Callie woke up early; it was now Saturday.
“Mike, get up!” she said.
She leaned over the back of the front seats and prodded him.
Mike wasn’t ready to get up just yet. Callie had to twang his earlobe and slap his head around for a few seconds.
“Alright! Alright! I’m getting up!” he said.
“Go check on Dad!”
“Why? What happened?”
Mike had somehow ended up on his stomach, his least favorite sleep position, and now his right arm was crushed under his body with a cramp to end all cramps, and his back ached like an old man’s, after a fall.
“Gimme a minute.” he said.
He extricated his right arm, and then began the arduous task of turning himself around.
“Is this going to take long?” Callie asked.
“Me kill you now if not shut up.” Mike answered.
He sat up and opened the passenger door, which was closer to the kitchen entrance. He scooted out of the wagon and tossed his pillow behind him to the backseats as he did so. Once out, he yawned and stretched, then walked into the house. He flicked the kitchen lights on, as it was still dark, and looked over to the living room, where his father had been placed.
His father was not there.
Mike’s breath staggered to a stop.
Hoping his bleary eyes were only being deceived by the dark, he walked into the living room, switched on the lights, and blinked as they flickered on.
There he was.
A sigh of relief escaped Mike’s lips when he saw that his dad had only fallen backwards, but was still well bound. During the night he must have somehow tipped himself over. Now he lay there next to the sofa like an upside-down turtle; asleep, apparently, in that awkward position.
Just for scaring me, Mike thought, I’m going to leave you like that.
Charles Longstreet opened his eyes.
Mike almost screamed; his father’s eyes had gone jet black.
At least they had seemed so, for a moment there. A second look showed normal eye coloring; the whites of the eyes still…white.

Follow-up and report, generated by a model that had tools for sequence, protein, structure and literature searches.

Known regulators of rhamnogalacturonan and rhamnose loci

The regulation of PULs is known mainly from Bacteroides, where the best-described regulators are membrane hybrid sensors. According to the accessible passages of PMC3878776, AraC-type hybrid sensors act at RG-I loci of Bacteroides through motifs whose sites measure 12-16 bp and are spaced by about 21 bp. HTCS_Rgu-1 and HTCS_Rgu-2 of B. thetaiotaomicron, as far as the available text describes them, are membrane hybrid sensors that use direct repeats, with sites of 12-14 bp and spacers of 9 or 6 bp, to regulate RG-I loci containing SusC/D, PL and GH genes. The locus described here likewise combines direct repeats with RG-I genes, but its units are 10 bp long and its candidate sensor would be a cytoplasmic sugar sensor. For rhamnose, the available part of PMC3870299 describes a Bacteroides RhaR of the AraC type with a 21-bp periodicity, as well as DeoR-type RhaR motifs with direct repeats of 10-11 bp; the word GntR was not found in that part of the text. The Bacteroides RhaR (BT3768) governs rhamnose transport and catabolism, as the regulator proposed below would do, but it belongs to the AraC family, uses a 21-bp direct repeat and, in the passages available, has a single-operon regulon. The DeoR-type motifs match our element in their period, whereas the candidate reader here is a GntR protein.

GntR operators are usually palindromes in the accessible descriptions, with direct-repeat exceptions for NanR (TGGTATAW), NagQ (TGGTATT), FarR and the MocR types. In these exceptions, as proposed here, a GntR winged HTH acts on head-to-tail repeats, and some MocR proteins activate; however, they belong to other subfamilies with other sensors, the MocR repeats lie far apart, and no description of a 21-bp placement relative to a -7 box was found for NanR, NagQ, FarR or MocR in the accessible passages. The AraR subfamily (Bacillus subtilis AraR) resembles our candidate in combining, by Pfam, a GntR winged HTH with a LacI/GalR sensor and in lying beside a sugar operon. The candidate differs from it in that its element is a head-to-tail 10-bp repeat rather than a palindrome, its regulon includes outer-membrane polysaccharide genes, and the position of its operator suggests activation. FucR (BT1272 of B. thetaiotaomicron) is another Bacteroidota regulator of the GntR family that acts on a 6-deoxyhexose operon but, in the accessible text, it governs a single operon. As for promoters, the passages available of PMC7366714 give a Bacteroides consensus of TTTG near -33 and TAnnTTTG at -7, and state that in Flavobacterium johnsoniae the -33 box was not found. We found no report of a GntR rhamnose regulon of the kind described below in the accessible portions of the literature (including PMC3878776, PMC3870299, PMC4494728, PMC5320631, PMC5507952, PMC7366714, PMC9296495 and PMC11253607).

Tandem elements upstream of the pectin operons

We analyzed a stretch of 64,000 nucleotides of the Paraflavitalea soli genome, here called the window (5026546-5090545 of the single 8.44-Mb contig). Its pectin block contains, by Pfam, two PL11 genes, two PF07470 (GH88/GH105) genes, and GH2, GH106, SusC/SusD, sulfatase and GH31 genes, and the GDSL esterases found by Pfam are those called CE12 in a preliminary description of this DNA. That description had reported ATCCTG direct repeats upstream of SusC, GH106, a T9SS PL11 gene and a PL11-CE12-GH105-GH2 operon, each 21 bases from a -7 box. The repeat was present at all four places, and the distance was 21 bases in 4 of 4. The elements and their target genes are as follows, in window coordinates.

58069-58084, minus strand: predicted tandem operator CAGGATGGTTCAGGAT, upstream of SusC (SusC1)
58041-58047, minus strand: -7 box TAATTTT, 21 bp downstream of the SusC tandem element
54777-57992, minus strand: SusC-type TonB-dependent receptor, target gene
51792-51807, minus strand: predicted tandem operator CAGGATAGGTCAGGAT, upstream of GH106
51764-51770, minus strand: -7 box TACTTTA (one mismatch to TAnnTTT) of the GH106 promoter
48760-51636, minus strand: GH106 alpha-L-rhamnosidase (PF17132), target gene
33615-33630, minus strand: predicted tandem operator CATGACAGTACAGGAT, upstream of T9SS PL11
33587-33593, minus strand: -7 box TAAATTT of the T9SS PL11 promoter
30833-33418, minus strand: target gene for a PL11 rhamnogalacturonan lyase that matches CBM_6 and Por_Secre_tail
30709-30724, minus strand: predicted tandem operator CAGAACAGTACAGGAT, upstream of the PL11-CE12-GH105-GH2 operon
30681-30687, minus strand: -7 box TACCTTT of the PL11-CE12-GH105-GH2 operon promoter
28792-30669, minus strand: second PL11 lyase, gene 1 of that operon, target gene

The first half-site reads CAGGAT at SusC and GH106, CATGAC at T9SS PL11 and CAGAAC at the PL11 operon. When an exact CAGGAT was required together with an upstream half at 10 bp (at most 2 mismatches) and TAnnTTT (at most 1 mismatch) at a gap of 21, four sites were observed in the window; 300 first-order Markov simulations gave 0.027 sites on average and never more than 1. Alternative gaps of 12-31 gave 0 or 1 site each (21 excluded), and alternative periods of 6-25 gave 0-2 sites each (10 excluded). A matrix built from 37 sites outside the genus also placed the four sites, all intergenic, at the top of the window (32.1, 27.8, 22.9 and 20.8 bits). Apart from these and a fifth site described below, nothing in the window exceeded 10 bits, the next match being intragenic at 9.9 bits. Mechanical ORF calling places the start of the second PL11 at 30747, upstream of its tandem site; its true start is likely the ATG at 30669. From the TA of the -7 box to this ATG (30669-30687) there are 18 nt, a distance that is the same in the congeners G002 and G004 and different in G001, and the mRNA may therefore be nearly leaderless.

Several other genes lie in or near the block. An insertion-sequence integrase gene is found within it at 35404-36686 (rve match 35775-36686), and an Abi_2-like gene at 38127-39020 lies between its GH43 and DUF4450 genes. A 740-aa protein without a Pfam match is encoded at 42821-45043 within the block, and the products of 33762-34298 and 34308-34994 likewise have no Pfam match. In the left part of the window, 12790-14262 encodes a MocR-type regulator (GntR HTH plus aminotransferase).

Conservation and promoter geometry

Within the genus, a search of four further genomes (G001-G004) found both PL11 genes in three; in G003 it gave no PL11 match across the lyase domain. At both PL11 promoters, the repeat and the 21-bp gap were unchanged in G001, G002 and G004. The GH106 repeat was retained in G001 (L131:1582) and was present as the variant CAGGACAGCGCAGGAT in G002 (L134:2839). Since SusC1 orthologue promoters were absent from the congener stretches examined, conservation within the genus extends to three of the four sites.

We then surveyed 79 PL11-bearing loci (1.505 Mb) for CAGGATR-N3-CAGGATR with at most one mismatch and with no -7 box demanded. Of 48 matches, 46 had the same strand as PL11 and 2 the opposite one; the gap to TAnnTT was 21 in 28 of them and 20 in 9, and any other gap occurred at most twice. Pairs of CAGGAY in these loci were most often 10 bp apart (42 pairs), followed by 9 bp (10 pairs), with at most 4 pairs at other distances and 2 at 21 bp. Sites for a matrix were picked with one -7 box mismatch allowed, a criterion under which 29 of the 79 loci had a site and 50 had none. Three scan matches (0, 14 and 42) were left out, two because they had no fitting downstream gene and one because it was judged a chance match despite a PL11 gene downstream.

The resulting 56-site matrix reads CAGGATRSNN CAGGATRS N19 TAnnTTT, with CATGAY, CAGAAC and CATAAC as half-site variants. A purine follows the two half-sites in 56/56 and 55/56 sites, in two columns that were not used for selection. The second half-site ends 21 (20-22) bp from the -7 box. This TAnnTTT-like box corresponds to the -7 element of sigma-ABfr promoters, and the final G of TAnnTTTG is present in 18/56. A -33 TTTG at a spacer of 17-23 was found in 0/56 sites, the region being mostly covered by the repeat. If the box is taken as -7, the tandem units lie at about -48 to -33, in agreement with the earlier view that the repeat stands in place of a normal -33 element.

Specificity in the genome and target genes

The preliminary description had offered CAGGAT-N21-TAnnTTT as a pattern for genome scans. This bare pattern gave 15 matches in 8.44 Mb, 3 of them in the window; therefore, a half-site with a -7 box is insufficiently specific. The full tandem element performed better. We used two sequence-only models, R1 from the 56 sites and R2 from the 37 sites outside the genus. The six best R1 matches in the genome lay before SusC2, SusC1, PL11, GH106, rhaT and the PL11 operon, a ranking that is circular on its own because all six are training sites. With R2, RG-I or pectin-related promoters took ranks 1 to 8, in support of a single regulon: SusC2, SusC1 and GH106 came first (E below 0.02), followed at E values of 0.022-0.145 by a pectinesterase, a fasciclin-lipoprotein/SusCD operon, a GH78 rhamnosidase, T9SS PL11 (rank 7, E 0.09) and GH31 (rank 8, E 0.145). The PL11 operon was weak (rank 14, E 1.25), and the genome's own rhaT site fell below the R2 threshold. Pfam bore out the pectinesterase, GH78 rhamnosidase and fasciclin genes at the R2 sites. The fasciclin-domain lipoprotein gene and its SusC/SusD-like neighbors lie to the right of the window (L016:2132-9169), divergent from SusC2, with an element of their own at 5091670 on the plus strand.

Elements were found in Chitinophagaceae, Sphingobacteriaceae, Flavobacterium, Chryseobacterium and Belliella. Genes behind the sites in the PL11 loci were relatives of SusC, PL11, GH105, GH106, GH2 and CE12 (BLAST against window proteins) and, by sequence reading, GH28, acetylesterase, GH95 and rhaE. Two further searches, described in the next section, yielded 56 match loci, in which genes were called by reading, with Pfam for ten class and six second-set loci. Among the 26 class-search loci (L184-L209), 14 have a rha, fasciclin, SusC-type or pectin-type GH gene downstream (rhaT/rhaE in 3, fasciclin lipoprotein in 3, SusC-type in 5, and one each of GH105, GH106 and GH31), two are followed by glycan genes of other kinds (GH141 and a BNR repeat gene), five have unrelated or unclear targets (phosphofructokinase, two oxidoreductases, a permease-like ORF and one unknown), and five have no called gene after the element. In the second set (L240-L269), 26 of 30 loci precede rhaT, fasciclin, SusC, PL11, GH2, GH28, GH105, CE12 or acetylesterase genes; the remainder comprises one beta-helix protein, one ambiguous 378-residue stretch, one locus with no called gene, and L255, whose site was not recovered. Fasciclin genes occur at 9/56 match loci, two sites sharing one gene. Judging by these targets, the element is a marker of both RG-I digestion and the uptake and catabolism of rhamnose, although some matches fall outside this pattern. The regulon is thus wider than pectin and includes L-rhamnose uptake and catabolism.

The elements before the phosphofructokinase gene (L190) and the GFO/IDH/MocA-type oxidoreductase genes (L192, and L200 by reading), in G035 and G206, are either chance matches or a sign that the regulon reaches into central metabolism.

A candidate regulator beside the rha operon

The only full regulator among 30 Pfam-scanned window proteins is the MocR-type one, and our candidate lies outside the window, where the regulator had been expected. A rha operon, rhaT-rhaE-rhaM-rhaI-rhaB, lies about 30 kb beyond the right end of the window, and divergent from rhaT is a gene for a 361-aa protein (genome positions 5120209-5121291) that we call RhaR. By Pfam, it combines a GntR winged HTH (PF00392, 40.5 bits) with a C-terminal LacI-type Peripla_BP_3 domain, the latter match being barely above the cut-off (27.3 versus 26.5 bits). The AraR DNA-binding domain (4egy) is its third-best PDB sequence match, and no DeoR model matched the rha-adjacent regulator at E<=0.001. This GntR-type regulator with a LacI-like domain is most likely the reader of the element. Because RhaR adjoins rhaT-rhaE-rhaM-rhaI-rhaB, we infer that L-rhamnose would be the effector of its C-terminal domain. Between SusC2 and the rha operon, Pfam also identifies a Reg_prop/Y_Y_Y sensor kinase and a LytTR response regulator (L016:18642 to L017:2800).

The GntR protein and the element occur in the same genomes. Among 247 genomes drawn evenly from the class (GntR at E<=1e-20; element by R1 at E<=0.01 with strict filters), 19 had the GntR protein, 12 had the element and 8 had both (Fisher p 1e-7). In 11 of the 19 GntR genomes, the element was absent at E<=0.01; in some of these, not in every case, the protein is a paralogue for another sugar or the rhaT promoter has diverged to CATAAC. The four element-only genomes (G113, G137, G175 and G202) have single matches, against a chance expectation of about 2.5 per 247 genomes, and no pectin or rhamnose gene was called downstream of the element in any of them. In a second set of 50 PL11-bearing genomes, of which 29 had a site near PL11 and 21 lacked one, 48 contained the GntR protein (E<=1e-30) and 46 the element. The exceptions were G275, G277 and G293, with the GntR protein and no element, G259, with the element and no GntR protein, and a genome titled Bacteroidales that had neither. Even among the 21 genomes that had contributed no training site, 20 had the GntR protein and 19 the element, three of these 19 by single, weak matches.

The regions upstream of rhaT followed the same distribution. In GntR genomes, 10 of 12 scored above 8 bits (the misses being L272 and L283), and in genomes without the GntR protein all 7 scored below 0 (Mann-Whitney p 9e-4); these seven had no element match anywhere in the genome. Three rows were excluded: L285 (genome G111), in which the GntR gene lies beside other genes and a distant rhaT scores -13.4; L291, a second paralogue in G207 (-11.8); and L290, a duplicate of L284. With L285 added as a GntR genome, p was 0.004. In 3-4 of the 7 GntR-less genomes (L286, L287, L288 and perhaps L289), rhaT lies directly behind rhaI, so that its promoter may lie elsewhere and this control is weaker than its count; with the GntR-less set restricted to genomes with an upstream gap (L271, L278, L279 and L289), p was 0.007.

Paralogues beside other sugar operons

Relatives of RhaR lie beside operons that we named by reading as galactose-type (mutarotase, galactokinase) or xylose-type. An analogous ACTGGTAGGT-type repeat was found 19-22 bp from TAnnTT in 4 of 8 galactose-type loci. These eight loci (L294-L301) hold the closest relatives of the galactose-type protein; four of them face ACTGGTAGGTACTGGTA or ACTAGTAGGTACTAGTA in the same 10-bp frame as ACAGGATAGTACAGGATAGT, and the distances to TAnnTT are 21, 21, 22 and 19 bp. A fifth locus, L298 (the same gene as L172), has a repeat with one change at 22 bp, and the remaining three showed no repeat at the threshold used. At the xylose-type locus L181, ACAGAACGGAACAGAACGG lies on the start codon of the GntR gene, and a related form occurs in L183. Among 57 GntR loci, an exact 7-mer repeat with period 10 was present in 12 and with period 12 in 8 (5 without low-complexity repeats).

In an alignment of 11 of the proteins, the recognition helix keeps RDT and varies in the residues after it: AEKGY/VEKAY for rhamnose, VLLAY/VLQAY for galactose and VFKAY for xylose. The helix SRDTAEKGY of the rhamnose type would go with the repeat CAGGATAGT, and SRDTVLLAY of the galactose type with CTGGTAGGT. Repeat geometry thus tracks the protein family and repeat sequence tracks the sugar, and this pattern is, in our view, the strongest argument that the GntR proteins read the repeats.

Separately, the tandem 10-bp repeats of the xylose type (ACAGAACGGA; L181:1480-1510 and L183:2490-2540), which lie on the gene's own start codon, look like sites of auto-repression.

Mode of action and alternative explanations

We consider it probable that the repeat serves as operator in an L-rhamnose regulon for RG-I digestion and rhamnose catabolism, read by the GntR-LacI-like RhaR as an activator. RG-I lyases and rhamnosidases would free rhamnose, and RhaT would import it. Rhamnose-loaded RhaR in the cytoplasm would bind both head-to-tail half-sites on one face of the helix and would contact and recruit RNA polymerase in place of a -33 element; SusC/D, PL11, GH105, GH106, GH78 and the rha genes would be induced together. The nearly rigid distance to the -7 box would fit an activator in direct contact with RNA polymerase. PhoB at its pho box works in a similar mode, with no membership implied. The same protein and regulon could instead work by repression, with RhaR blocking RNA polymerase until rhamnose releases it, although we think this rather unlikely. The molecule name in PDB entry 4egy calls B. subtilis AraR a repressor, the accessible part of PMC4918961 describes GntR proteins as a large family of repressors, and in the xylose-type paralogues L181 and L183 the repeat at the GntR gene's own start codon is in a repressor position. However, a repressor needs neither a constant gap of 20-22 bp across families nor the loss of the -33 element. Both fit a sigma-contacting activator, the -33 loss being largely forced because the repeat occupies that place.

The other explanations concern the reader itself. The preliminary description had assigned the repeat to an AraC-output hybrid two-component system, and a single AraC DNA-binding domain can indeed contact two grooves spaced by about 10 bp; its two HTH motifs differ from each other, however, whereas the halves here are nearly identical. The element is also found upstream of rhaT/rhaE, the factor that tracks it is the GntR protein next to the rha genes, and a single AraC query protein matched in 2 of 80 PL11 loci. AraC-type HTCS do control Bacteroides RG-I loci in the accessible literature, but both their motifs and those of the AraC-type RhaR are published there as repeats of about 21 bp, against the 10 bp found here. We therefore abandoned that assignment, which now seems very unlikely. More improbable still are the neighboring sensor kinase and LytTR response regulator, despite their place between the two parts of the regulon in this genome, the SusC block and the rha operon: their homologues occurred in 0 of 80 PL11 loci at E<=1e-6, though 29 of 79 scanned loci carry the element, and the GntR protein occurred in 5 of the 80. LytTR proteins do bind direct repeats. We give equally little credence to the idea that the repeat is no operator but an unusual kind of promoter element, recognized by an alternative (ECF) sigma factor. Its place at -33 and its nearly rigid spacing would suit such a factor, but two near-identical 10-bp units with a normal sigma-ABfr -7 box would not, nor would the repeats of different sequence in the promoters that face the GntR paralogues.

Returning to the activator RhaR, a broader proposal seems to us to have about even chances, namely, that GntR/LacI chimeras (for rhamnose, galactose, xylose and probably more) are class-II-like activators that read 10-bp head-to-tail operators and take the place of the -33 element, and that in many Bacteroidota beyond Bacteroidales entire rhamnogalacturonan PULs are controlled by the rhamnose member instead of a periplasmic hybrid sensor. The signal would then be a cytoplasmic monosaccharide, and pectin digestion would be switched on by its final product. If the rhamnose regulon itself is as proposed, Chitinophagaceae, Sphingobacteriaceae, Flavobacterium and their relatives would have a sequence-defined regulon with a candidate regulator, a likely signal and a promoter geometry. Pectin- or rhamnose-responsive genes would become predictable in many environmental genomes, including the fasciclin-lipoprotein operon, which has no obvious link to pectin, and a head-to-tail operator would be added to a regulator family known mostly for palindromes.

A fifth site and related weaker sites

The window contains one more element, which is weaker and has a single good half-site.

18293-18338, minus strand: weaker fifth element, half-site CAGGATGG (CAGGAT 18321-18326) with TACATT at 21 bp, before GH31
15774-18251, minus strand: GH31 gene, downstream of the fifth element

Just a trick of the light, that’s all, Mike thought, Had to be.
He went back to the garage. Callie waited for him there. She had a change of clothes ready, as well as a plastic baggie of toiletries.
“So?” she asked.
“It’s okay, he’s still there.”
“What kept you?”
“Well then. Let’s wash up so we can get the hell out of here. I’ll go first.”
She walked past him, into the house.
“Steer clear of Dad, Cal.” Mike called after her.
“I intend to.” she called back.
They did not dally.
Ten minutes later they were both back in the wagon, and good to go.
Mike backed the wagon out of the garage and onto the empty street. He turned them in the direction of the shortest route out of town.
“We’re really doing it this time.” Callie said, with a nervous flutter in her voice, “I can’t believe we’re really doing it this time!”
Soon, their hometown of Noah’s Oak was behind them.
Half an hour later, they were out of Fasenbuk County altogether. A few hours after that, as they neared the state line between New Heedol and Minnago, they stopped for gas in a town named Crayton; then drove over to a nearby picnic area for breakfast.
They located a decent table under a shady tree and brought to it their provisions. They had the whole park to themselves, and the breeze was delicious.
Callie had packed pancakes in foil. She also brought paper plates and cups, utensils, napkins, and juice.
They set their table, sat down, and had their breakfast. They ate in silence; in enjoyment of the moment, the scenery, and their freedom. Only when they were about finished, were they ready to get down to business.
“I think it’s time we talk about where it is we want to go from here.” Callie said, “Putting miles between us and Dad is good for a start---but sooner or later we’re gonna have to figure out what to do with ourselves when that’s no longer the pressing issue.”
Mike thought it over as he washed down the last of his pancakes with a swallow of juice.